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“The Teacher Wants to Retain My Child – I Don’t Know What to Do!”
by Becky L. Spivey, M.Ed.
As the end of another school year approaches, decisions about student placement, classroom rosters, caseload numbers and management, and countless other decisions are taking place right now. As a parent, if your child’s teacher is suggesting that your child repeat her current grade, you have some important decisions to make too…and soon.
How do I know if having my child repeat a grade is the right thing to do?
Students enter school around the same chronological age but with varying developmental levels. If your child is truly behind developmentally compared to the majority of others in her class, the teacher may wish to give your child “the grace of time” to mature and “catch up” developmentally.
This chance to catch up is the most positive effect of grade retention for students who are truly behind developmentally because they begin to thrive once they are developmentally on grade level. Being in the same grade two years provides some stability and familiarity especially when it comes to the teacher and the room. However, retention is most beneficial when the child receives intensive intervention specific to the areas in which they struggle throughout the retention year.
Teachers may also choose to retain a student because they simply struggle academically when compared to students at the same grade level. While this is a traditional reason for retention, it is necessary to note that unless you figure out why the student is struggling, it is likely that the retention will do more harm than good.
Many schools use tests to help educators determine whether to promote a child to the next grade or have her repeat the same grade. With today’s current and stringent educational standards, more kids are facing the possibility of retention because they are not achieving the test scores required for promotion. Many school leaders now must view retention as a way to ensure greater accountability in order to guarantee the school is doing its job. In some states, there is a new “get tough” policy to stop or reduce “social promotion” — meaning the school automatically promotes a child to the next grade at the end of each school year regardless of his/her academic performance.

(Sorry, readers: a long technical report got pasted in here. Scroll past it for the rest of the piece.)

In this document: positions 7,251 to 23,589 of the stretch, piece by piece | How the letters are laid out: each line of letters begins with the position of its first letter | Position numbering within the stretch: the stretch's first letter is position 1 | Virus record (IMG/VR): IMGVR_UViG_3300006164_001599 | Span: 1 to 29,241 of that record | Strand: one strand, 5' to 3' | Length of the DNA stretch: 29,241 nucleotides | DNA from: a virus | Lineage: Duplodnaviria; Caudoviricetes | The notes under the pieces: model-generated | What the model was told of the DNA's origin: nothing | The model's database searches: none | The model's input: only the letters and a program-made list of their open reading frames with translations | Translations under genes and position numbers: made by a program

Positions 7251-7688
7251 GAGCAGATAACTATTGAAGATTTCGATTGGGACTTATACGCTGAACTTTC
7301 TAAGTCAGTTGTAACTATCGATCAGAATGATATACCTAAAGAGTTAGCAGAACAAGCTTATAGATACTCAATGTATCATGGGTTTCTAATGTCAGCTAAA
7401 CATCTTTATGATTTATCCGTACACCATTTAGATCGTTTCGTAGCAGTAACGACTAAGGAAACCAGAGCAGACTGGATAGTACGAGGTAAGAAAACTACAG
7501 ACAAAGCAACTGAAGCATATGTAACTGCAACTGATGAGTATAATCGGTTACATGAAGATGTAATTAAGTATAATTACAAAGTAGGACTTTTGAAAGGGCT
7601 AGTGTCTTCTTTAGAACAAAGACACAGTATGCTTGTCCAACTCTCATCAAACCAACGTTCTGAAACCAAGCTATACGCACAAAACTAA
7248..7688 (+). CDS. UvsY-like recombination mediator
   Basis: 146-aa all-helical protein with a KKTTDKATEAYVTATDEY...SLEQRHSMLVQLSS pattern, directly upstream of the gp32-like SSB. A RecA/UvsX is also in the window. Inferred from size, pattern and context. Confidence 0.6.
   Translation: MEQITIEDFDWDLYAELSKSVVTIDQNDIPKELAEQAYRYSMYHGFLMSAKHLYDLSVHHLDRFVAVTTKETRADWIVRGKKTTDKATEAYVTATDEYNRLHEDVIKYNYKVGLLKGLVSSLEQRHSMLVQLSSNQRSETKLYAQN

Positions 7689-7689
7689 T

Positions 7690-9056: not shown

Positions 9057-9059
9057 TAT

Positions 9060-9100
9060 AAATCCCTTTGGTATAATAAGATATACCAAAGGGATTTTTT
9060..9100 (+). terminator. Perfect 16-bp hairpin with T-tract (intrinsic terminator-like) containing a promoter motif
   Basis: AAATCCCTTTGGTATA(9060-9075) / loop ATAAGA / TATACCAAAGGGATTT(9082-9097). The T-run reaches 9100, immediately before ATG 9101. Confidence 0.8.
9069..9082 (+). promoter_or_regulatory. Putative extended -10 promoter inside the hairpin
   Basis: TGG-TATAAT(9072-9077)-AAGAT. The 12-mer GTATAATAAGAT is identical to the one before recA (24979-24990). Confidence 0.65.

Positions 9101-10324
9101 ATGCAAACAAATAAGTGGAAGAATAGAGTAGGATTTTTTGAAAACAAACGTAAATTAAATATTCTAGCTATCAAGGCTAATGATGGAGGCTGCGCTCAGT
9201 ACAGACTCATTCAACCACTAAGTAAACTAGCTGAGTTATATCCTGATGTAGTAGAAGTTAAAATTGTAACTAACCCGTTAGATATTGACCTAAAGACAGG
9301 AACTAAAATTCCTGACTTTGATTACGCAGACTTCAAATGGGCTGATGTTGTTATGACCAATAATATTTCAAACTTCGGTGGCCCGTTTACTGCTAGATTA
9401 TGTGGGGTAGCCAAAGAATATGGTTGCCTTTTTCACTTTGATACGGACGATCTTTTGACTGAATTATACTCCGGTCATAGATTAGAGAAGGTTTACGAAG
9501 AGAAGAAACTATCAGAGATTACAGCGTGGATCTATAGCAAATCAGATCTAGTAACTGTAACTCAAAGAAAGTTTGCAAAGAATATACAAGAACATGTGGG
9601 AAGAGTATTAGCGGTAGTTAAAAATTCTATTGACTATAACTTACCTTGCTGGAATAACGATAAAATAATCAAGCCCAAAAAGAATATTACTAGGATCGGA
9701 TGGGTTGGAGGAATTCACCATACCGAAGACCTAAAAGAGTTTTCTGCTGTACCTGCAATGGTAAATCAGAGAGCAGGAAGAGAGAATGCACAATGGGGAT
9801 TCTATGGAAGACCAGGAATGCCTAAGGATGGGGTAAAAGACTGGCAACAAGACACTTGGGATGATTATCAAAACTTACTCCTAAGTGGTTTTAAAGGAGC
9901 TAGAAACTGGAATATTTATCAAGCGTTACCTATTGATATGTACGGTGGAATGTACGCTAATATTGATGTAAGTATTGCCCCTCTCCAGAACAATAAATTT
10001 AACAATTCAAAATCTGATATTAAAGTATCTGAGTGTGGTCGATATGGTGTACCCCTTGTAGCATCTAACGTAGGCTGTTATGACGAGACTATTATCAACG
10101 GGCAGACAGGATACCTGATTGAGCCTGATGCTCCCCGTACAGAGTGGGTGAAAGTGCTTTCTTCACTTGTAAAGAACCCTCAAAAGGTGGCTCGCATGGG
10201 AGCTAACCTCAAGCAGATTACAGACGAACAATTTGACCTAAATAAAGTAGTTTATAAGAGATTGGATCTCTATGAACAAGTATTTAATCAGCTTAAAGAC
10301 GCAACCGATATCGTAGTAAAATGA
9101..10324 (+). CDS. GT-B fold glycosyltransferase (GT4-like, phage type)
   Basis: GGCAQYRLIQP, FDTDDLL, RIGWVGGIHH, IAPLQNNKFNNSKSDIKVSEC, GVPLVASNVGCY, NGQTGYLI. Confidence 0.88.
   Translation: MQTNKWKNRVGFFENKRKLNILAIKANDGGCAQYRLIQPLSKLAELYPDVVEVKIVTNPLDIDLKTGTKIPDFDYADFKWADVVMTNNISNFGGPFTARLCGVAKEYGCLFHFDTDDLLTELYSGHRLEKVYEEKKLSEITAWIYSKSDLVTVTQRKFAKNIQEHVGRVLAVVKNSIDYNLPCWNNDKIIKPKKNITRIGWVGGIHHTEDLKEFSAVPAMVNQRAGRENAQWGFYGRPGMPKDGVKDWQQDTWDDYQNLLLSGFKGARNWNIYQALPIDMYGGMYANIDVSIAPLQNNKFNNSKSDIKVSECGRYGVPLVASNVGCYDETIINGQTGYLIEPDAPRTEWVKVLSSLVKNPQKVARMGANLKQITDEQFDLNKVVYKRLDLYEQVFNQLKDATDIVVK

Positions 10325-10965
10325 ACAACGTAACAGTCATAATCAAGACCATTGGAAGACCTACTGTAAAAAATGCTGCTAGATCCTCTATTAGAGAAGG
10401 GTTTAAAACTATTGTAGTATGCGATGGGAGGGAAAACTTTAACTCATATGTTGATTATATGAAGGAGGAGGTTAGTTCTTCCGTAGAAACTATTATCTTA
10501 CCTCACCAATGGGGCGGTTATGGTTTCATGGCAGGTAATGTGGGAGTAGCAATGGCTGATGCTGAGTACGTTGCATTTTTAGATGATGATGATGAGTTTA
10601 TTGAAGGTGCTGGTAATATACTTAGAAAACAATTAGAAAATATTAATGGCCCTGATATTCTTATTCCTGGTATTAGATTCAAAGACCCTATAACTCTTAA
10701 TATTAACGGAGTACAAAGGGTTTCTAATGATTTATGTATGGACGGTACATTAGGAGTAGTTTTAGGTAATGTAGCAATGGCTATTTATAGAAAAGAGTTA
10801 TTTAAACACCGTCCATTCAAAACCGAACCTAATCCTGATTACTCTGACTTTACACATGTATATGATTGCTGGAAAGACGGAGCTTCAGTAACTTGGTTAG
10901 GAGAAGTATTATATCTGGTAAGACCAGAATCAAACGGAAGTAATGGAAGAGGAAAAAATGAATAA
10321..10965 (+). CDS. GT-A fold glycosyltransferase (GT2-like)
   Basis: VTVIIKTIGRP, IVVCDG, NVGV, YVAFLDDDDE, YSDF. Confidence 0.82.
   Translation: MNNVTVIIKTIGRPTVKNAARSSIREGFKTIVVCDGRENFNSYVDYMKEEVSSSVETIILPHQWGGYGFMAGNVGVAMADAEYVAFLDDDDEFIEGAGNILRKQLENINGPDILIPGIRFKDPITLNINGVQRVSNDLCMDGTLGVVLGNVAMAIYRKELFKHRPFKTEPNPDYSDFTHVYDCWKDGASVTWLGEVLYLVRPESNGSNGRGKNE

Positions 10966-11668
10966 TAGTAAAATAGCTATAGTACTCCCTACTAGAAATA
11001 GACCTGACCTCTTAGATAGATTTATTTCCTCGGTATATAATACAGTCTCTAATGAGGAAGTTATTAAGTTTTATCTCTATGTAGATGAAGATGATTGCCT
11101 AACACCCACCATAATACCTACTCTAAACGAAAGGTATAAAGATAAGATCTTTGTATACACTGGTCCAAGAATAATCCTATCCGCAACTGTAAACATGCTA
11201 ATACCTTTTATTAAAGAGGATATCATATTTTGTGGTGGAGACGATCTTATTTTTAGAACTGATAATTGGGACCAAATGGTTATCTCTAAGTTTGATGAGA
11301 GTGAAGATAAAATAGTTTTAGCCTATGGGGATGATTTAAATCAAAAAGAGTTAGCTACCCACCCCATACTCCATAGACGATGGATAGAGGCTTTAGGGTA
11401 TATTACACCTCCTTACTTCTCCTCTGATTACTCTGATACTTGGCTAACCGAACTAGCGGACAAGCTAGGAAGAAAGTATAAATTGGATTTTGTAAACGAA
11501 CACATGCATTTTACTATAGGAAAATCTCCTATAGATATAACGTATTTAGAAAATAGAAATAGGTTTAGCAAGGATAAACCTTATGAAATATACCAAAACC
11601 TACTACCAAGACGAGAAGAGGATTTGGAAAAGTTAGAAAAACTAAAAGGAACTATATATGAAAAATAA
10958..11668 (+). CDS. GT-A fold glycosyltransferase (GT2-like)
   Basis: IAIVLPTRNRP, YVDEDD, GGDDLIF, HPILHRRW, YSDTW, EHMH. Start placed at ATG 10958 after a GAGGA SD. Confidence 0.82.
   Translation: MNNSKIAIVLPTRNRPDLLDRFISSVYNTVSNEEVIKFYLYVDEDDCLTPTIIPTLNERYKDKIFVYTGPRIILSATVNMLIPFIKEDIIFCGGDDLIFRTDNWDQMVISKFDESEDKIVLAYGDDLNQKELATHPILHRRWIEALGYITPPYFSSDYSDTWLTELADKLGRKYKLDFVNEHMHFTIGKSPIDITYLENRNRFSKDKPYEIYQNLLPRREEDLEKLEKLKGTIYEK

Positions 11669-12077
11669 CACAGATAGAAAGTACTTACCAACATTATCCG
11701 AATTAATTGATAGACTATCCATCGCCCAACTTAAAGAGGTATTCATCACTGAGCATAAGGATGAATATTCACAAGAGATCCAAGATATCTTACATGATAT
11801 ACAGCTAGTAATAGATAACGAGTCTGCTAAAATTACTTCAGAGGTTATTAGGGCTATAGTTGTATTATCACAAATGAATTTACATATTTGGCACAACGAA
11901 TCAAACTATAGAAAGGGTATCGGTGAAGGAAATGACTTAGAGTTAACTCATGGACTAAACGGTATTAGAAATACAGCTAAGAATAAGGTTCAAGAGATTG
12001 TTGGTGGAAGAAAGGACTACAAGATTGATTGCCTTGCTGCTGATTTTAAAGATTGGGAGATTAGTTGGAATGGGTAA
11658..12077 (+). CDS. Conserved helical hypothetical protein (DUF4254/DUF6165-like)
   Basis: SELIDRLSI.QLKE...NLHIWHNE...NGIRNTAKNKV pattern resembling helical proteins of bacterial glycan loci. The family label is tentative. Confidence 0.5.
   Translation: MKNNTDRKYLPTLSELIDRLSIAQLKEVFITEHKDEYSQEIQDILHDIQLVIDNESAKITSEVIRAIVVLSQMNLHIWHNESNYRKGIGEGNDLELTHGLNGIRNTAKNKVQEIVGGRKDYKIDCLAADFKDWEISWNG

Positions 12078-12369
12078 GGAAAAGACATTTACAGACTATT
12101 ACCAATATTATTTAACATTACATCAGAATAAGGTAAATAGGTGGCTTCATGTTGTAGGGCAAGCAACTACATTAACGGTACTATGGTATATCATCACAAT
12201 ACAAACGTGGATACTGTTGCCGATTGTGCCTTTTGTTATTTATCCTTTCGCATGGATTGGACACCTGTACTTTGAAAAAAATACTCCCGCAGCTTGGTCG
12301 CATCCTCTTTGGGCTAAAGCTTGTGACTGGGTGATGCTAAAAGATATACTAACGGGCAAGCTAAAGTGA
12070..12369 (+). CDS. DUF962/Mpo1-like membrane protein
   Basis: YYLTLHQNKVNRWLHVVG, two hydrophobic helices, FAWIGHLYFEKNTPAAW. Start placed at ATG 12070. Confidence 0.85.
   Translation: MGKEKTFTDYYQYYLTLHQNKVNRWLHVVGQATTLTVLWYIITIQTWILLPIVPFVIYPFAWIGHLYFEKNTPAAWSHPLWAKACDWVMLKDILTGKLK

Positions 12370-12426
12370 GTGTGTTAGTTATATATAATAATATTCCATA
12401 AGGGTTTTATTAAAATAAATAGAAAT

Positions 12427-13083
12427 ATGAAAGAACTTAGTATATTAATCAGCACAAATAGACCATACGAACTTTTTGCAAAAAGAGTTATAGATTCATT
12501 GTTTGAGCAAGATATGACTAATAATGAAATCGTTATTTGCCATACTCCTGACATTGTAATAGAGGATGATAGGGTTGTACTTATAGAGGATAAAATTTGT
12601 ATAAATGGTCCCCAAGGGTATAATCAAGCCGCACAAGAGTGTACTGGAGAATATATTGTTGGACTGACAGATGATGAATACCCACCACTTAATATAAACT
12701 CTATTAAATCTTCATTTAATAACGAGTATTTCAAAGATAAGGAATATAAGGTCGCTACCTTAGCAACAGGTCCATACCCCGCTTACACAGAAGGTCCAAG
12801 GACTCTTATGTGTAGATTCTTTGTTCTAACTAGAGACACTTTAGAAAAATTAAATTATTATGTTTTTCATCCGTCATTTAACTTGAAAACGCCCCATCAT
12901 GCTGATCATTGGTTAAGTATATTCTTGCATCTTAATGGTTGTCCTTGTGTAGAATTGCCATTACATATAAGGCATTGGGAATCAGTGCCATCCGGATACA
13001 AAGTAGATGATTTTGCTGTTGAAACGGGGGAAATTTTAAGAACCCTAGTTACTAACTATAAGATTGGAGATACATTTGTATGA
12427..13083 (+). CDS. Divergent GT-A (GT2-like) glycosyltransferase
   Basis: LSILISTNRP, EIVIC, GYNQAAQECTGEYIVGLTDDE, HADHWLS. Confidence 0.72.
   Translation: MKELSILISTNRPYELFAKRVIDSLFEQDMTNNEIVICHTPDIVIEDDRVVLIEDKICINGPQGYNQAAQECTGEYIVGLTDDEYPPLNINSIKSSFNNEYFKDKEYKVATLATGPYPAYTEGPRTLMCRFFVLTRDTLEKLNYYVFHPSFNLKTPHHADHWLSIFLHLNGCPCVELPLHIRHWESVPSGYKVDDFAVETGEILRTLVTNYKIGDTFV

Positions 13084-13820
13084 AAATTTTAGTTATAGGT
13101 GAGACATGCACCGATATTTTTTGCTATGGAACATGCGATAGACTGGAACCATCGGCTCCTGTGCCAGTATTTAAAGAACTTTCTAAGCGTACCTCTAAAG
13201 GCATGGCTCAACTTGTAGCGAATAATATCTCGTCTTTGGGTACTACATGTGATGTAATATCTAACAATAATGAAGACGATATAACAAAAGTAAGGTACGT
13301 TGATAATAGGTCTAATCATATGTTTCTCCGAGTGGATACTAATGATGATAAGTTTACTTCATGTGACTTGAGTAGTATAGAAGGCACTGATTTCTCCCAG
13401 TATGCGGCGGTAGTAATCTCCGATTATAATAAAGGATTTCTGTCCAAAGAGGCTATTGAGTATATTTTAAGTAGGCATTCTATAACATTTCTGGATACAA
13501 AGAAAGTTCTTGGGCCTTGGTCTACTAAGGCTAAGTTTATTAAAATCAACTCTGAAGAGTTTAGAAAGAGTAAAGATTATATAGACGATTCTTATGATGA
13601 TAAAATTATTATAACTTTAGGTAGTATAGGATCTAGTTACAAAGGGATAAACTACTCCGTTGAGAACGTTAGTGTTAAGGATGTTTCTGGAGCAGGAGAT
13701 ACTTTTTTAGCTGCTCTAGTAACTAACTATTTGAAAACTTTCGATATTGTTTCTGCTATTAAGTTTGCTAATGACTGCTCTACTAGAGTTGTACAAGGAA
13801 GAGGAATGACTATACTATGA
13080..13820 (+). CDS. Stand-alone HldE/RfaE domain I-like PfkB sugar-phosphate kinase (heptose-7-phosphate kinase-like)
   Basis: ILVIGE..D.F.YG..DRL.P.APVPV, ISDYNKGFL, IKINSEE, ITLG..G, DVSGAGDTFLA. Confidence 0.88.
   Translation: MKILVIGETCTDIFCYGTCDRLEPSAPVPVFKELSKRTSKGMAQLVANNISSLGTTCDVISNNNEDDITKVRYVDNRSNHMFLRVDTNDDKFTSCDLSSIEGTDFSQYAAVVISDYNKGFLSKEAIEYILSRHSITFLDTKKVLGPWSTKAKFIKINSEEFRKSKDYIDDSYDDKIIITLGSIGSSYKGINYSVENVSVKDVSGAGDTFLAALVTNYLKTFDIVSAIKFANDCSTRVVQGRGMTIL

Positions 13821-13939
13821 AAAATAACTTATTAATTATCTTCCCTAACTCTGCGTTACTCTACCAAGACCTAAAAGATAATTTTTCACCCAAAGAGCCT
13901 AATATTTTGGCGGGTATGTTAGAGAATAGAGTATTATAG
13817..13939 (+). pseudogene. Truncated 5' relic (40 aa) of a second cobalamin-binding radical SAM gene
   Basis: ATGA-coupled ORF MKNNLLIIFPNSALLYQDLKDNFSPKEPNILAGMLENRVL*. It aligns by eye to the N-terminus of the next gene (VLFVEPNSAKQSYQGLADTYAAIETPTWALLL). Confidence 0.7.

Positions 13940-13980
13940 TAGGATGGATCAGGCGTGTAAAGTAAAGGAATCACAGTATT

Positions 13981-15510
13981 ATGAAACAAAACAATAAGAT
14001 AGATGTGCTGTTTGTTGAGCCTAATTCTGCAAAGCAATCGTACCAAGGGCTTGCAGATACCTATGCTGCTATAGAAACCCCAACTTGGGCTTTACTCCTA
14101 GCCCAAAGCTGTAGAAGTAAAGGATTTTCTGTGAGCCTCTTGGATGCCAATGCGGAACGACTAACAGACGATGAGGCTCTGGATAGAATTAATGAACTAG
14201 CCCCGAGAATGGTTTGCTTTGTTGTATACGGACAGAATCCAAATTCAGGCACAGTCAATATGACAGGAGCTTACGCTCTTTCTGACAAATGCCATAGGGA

What does research say about the outcomes of retention?
Giving a child another year to “catch-up” and develop proficient academic skills sounds good in theory, but research shows that outcomes for some kids repeating a grade are generally not very positive. In its 2003 “Position Statement on Student Grade Retention,” the National Association of School Psychologists (NASP) reports:
  • Academic achievement of kids retained is poorer than that of peers promoted to the next grade.
  • Achievement gains associated with retention fade within two to three years after the grade repeated.
  • Kids identified as most behind are the ones “most likely harmed by retention.”
  • Retention has a negative impact on all areas of a child’s achievement (reading, math, and language) and socio-emotional adjustment (peer relationships, self-esteem, problem behaviors, and attendance).